"Give 'em Watts, Boys..."

Springfield, NJ, will celebrate the 225th Anniversary of the Township’s Incorporation in 2019. Why did the town wait until 1794 to do so? BECAUSE IT TOOK 14 YEARS TO RECOVER from being burned to the ground by the British Army on June 23rd, 1780!


HISTORY HAPPENED HERE! The climactic battle of the final invasion of NJ was fought in Springfield. Approx. 6,000 Crown forces under Gen. Knyphausen attacked from Staten Island, NY, via Elizabethtown, NJ, attempting to seize the Hobart Gap in the Watchung Mts. and then Morristown. He was stopped by Gen. Greene with a force of approx. 2,000 Continentals and New Jersey Militia.


Springfield’s defense was bolstered by the heroic actions of Rev. James Caldwell, whose wife, Hannah, was killed on June 7th at Conn. Farms (now Union, NJ), becoming NJ’s “Jenny McCrea.” During the height of the battle, Caldwell took the old Watts Hymnals from the 1st Presbyterian Church, gave them to the troops for “wadding” and cartridge paper, shouting, “Give ’em Watts, Boys! Put Watts Into ‘em, Boys!”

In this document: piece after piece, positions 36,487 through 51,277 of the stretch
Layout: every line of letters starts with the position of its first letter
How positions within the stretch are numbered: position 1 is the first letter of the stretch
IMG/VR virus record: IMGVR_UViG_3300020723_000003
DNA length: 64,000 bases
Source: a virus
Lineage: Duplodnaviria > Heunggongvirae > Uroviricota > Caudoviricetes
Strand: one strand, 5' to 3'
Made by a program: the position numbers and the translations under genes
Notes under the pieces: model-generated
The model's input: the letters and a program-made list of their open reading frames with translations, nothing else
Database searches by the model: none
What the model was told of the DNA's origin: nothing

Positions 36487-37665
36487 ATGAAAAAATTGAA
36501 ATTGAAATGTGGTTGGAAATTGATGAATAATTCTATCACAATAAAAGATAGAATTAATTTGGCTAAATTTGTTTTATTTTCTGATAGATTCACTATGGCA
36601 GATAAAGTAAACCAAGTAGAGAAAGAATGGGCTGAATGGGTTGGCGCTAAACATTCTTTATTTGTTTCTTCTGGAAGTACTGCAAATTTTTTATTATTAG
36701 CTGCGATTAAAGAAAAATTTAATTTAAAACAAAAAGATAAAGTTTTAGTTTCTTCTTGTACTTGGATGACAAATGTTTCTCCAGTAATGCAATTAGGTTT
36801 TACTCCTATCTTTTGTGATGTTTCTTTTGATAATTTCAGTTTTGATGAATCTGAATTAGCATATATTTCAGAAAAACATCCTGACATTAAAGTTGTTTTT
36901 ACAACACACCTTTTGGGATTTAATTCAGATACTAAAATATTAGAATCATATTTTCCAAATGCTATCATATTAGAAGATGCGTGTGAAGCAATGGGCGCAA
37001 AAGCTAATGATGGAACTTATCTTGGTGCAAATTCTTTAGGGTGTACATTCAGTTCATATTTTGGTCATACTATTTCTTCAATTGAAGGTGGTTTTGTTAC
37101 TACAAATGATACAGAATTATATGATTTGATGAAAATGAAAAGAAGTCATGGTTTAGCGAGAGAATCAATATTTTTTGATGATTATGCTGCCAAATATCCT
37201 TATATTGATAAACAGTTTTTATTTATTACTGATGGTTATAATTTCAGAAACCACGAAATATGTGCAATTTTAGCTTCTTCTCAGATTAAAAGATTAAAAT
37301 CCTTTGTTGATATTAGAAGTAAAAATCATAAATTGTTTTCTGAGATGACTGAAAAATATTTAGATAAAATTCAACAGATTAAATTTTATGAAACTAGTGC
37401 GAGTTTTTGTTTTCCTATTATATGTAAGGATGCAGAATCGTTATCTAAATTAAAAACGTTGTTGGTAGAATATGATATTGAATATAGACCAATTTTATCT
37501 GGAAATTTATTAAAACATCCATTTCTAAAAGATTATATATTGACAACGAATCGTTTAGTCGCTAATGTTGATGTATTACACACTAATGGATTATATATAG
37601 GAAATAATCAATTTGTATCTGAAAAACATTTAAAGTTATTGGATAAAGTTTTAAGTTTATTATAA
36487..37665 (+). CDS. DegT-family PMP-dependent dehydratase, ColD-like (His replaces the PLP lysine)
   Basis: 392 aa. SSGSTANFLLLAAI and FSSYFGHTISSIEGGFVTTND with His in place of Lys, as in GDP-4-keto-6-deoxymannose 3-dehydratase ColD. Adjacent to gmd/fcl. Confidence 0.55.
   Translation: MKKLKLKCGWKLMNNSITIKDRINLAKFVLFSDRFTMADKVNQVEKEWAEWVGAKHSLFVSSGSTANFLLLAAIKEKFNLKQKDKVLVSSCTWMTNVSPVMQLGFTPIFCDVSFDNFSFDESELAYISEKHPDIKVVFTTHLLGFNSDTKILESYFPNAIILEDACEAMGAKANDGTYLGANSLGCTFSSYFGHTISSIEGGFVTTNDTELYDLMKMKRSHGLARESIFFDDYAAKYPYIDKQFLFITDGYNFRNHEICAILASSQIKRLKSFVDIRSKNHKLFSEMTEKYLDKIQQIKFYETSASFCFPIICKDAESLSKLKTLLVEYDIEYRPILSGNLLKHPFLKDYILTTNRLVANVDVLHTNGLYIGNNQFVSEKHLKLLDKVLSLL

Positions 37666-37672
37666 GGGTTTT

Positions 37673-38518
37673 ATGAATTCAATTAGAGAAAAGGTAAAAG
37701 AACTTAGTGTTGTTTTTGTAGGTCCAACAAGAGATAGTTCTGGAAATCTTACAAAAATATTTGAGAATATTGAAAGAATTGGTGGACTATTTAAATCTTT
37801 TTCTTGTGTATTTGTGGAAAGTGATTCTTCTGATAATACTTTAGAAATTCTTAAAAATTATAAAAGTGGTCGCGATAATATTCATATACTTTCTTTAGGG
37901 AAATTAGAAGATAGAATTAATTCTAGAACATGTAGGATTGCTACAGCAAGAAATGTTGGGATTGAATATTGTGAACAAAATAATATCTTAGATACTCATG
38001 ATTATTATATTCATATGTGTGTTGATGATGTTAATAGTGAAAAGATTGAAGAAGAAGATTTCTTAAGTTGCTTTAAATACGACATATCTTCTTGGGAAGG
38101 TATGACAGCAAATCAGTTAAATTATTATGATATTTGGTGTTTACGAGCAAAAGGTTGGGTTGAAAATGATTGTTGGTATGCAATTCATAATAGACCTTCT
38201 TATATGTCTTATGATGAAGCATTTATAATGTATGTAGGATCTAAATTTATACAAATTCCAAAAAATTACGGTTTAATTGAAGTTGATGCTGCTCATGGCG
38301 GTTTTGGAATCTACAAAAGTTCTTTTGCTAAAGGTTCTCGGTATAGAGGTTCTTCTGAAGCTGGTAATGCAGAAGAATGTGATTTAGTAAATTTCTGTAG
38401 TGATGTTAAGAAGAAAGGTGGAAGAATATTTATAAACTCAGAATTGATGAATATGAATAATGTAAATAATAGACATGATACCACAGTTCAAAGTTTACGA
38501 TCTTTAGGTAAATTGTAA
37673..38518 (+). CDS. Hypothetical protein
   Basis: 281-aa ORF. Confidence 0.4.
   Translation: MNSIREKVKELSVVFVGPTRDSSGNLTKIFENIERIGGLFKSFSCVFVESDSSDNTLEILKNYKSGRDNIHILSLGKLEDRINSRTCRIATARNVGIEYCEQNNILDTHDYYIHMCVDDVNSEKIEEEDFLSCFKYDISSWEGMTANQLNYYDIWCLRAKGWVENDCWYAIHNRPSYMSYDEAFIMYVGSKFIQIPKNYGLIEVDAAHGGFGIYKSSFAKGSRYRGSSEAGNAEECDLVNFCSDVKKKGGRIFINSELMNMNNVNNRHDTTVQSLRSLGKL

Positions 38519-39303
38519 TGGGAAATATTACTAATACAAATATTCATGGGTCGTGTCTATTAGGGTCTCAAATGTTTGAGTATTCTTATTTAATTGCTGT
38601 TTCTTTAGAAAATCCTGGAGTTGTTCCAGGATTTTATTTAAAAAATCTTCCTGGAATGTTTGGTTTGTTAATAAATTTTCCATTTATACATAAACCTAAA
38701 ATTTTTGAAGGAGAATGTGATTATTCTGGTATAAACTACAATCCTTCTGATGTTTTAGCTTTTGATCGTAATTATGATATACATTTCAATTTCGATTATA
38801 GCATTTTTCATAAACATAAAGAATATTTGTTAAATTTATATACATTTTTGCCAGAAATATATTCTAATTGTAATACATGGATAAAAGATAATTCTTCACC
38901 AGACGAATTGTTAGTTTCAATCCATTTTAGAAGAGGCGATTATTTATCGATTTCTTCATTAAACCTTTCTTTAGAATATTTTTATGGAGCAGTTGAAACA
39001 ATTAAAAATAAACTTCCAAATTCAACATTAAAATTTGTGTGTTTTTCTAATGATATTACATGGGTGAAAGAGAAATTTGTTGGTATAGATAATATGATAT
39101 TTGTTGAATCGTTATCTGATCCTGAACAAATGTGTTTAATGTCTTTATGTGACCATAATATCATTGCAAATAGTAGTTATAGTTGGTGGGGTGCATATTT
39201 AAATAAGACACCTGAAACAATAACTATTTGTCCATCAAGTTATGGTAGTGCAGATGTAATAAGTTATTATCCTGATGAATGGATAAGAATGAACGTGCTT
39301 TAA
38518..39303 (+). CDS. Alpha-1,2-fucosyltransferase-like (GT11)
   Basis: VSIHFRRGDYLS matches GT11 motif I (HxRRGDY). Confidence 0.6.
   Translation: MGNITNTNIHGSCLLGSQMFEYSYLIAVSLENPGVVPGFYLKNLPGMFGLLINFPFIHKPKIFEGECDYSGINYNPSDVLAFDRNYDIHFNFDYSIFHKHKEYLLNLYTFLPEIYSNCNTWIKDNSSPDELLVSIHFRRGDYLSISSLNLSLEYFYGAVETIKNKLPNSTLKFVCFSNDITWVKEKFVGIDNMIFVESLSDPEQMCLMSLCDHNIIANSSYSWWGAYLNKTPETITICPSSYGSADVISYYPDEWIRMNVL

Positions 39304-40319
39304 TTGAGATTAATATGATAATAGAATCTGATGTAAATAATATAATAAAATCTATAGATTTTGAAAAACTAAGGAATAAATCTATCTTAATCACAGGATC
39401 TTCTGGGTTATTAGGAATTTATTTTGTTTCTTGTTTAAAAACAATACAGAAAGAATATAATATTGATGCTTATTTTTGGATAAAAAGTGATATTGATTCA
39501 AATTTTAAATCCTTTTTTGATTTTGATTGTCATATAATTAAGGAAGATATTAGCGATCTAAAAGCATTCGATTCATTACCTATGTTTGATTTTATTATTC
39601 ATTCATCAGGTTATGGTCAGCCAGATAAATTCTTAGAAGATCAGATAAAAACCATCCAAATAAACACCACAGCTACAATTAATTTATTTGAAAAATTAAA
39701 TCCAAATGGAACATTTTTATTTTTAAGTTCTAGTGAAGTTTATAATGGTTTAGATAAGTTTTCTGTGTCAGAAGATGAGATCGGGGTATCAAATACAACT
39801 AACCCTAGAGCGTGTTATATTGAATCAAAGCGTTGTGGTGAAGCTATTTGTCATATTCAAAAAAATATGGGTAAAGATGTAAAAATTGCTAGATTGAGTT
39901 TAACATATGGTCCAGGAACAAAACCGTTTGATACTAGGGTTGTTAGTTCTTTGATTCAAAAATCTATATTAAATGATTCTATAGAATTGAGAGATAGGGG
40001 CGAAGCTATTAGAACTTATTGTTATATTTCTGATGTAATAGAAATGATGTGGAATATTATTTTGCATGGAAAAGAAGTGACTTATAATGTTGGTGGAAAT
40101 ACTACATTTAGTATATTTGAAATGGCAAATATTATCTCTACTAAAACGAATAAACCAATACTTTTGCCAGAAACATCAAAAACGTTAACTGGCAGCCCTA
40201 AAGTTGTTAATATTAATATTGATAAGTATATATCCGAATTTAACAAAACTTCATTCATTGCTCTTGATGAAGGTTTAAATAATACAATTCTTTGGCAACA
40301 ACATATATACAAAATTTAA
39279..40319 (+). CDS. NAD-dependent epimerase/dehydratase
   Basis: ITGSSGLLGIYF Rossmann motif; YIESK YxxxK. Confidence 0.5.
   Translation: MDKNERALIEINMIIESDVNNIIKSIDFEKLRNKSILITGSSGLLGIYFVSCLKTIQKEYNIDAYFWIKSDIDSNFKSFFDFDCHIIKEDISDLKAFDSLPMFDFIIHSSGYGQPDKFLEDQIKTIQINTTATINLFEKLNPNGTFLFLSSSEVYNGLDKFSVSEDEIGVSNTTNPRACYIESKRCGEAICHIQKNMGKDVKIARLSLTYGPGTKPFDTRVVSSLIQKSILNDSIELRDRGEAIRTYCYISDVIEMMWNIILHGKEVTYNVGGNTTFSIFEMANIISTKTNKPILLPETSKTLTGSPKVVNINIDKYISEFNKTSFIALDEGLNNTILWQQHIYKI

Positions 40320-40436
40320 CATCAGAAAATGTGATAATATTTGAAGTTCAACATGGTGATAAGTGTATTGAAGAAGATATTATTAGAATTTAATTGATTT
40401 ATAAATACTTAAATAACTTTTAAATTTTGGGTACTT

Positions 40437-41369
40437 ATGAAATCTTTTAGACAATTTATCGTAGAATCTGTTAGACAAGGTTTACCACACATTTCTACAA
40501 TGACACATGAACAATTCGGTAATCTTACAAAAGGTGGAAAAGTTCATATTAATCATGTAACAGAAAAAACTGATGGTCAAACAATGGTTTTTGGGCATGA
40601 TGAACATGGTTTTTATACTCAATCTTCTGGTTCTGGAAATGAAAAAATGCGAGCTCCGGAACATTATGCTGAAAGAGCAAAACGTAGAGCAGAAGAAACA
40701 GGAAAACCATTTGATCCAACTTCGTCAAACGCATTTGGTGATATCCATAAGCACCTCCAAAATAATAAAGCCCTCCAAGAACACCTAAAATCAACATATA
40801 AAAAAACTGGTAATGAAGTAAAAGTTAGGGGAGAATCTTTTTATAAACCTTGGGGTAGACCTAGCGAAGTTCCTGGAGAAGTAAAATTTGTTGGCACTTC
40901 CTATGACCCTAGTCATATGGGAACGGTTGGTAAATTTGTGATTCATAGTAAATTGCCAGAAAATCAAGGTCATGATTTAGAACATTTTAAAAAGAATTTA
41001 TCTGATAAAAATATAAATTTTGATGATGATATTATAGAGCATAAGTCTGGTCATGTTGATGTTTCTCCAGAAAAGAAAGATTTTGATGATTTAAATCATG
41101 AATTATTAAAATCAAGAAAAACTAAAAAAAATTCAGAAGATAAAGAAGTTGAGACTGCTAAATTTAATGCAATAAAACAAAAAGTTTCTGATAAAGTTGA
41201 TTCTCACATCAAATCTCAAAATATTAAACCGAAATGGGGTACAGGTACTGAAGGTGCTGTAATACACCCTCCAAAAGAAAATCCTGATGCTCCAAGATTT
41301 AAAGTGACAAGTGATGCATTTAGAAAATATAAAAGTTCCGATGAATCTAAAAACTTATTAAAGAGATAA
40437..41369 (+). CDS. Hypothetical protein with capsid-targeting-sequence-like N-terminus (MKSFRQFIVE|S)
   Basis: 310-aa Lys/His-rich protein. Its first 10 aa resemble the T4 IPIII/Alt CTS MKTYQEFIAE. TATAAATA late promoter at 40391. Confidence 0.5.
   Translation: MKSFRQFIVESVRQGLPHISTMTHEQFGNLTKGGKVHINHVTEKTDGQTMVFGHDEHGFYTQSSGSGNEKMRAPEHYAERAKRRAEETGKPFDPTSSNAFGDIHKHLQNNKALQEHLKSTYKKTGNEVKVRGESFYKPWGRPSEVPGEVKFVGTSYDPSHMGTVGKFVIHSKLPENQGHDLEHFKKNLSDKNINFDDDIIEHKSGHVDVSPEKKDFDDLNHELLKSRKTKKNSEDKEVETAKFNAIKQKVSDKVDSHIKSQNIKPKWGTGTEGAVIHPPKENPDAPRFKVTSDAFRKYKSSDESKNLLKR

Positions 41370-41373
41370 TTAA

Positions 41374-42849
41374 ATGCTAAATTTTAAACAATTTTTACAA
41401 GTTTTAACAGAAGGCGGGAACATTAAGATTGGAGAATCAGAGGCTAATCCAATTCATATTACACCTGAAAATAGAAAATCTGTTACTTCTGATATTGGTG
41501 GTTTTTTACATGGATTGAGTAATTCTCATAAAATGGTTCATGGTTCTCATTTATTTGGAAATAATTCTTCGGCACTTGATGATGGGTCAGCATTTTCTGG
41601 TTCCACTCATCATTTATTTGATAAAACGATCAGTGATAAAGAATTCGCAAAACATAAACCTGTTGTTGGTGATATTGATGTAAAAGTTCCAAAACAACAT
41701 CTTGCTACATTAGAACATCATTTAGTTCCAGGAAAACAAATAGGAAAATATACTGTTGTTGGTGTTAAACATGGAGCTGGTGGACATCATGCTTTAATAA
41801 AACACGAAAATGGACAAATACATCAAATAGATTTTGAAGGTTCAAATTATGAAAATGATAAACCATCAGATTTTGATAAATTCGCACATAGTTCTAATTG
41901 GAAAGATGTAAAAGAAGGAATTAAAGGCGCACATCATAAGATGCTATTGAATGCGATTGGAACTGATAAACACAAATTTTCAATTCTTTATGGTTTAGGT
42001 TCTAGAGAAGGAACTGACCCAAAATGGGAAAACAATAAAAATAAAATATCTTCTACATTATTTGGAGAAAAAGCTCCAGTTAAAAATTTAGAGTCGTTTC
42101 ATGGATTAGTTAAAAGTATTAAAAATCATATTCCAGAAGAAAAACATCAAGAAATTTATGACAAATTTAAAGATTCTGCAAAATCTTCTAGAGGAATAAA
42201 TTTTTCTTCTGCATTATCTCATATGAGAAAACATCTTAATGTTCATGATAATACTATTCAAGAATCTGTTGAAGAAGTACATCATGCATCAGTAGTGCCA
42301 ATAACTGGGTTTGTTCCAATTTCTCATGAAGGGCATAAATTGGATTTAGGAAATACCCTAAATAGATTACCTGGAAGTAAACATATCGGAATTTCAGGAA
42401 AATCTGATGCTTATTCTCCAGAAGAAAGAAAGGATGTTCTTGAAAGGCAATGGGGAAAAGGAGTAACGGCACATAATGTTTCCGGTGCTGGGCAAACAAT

Stopped at Springfield by the bravery of Maxwell’s Jerseymen, Angell’s Rhode Islanders, “Light Horse Harry” Lee’s Dragoons and many others, the town was burned to the ground upon the withdrawal of British forces. When studying the American Revolution, only a handful of towns or communities were burned to the ground by the British, in an act of terror to militarily intimidate the population. Lexington & Concord were not. Springfield was!


Only 4 houses survived; 3 behind American lines to the South & West, and the historic “Cannonball” House, a British field hospital which was struck by an American 4 lbr. during the battle. (Today, it’s owned and run by the Springfield Historical Society.)


If you have not read it already, get Thomas Fleming’s classic “The Forgotten Victory” from the library, which is the best book on the battle and reads like a novel.